THE LATEST ALBUM RELEASES RATED AND REVIEWED
LUCY SPRAGGAN TODAY WAS A GOOD DAY ★★★★★
FORMER X Factor contestant Lucy Spraggan’s, storyteller style has progressed thanks to time and experience.
On her fifth album, the 27-year-old singer-songwriter is in a really great place, and this, combined with skilful songwriting and performing, makes for a joyful, listen.
The album is full of bops and singalong-friendly tracks, matched with lyrics about feeling better following mental health issues. Peppy opening track Breathe goes beyond just a nice guitar tune. Then there’s the cheekily-titled Don’t Play This On The Radio, a playful dig at not getting airplay over the years.
Stick The Kettle On with Scouting For Girls – released as a single to support Calm (the Campaign Against Living Miserably) – shows her deftly using her experiences to help others through music.
FATHER OF THE BRIDE ★★★★★
THE New Yorkers’ fourth album, rarely falters.
Running at 18 tracks, and bouncing frantically from genre to genre, Father Of The Bride is reminiscent of the White Album.
As with that Beatles triumph, Koenig and co now seem to be sitting more comfortably than ever within their own skin – as evidence, look to a trio of lovelorn country songs with Danielle Haim.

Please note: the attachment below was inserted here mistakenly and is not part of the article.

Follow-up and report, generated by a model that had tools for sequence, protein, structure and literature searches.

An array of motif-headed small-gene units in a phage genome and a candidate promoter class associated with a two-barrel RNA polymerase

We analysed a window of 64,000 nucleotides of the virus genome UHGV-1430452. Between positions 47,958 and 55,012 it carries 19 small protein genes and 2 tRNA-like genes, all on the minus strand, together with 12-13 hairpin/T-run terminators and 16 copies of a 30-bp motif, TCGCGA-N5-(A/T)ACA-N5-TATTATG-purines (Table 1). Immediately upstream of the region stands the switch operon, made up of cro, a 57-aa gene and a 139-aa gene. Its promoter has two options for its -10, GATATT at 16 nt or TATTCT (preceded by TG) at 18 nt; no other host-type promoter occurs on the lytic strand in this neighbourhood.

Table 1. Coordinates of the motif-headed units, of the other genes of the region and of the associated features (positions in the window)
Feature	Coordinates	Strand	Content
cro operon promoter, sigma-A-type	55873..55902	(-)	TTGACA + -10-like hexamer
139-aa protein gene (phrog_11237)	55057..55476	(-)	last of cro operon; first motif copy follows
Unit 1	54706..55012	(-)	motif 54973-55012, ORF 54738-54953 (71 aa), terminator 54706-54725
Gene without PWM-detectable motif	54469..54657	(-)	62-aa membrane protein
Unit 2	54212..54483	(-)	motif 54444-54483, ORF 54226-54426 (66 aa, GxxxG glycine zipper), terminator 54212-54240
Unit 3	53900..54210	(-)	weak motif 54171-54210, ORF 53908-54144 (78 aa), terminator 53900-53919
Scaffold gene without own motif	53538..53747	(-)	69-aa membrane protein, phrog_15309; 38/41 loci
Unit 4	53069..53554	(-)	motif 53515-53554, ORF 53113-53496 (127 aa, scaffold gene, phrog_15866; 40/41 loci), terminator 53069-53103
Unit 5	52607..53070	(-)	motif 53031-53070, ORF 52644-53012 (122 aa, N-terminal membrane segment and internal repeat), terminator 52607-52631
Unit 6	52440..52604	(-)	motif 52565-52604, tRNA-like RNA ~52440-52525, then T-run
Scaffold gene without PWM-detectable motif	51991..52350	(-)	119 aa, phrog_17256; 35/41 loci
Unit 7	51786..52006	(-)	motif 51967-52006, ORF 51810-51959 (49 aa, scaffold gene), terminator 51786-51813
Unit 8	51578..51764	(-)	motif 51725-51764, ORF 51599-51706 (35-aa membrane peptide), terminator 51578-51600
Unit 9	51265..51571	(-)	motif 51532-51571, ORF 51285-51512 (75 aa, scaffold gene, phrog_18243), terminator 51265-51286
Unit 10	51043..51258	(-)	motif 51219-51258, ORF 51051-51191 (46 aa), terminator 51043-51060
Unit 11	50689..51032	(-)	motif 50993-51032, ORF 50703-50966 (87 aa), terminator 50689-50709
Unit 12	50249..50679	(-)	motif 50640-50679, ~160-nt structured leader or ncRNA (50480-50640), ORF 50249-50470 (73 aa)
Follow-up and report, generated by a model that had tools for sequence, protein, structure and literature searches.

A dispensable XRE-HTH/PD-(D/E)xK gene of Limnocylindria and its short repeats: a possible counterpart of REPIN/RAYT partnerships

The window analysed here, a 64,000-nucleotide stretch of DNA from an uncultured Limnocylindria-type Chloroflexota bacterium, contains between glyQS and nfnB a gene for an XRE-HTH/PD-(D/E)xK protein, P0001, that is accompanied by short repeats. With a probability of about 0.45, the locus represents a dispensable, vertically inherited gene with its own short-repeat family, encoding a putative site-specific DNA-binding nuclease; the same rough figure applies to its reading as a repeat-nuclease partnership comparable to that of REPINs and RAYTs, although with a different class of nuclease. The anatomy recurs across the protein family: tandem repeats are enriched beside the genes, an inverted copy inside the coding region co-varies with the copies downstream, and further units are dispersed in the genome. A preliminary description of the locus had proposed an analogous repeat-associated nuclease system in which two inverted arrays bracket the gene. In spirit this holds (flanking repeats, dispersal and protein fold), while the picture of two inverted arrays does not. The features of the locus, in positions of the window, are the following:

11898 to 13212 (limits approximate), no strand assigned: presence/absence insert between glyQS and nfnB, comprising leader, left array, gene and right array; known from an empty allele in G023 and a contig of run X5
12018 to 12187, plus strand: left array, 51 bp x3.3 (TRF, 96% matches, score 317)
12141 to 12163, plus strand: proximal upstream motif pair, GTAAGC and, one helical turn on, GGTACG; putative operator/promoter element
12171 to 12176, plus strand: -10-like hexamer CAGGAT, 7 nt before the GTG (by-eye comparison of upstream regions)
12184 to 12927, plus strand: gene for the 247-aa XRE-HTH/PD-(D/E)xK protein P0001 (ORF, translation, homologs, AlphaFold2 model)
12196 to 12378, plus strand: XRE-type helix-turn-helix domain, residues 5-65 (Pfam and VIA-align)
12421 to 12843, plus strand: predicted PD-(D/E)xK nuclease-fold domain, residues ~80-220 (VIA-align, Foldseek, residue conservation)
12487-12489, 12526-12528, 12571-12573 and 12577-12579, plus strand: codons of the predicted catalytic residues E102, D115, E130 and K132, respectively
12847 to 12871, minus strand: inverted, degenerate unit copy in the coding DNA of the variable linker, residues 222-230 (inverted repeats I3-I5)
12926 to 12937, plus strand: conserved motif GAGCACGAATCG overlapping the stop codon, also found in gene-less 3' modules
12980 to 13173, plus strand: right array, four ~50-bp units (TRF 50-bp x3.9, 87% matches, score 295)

In perhaps the best run on the record, Sympathy, Sunflower and Flower Moon respectively glide through Ennio Morricone, ‘60s Psych and Afrobeat with a sleight of hand few others could match.
And while it perhaps lacks the instant classics of its predecessors, there’s plenty to capture the imagination.
THE BLANCK MASS SESSIONS ★★★★★
REPLACING guitars with synths, this eight-track offering is the alternative version of
Editors’ 2018 release Violence, with the group seemingly dipping their toes into the electronic scene. This is the result of producer Blanck Mass’s deconstruction of their usual sound.
Opener Barricades, explores their electronic side with punchy drum machines while Hallelujah (So Low) and Nothingness showcase Tom Smith’s strength of vocals.
At times, though, it feels as if the vocals and the production aren’t in perfect harmony. Fans hoping for something different from Editors can be encouraged by this release: although the companion album doesn’t quite reach the heights of the original, it is likely to go down well in venues and fields during the summer festival season.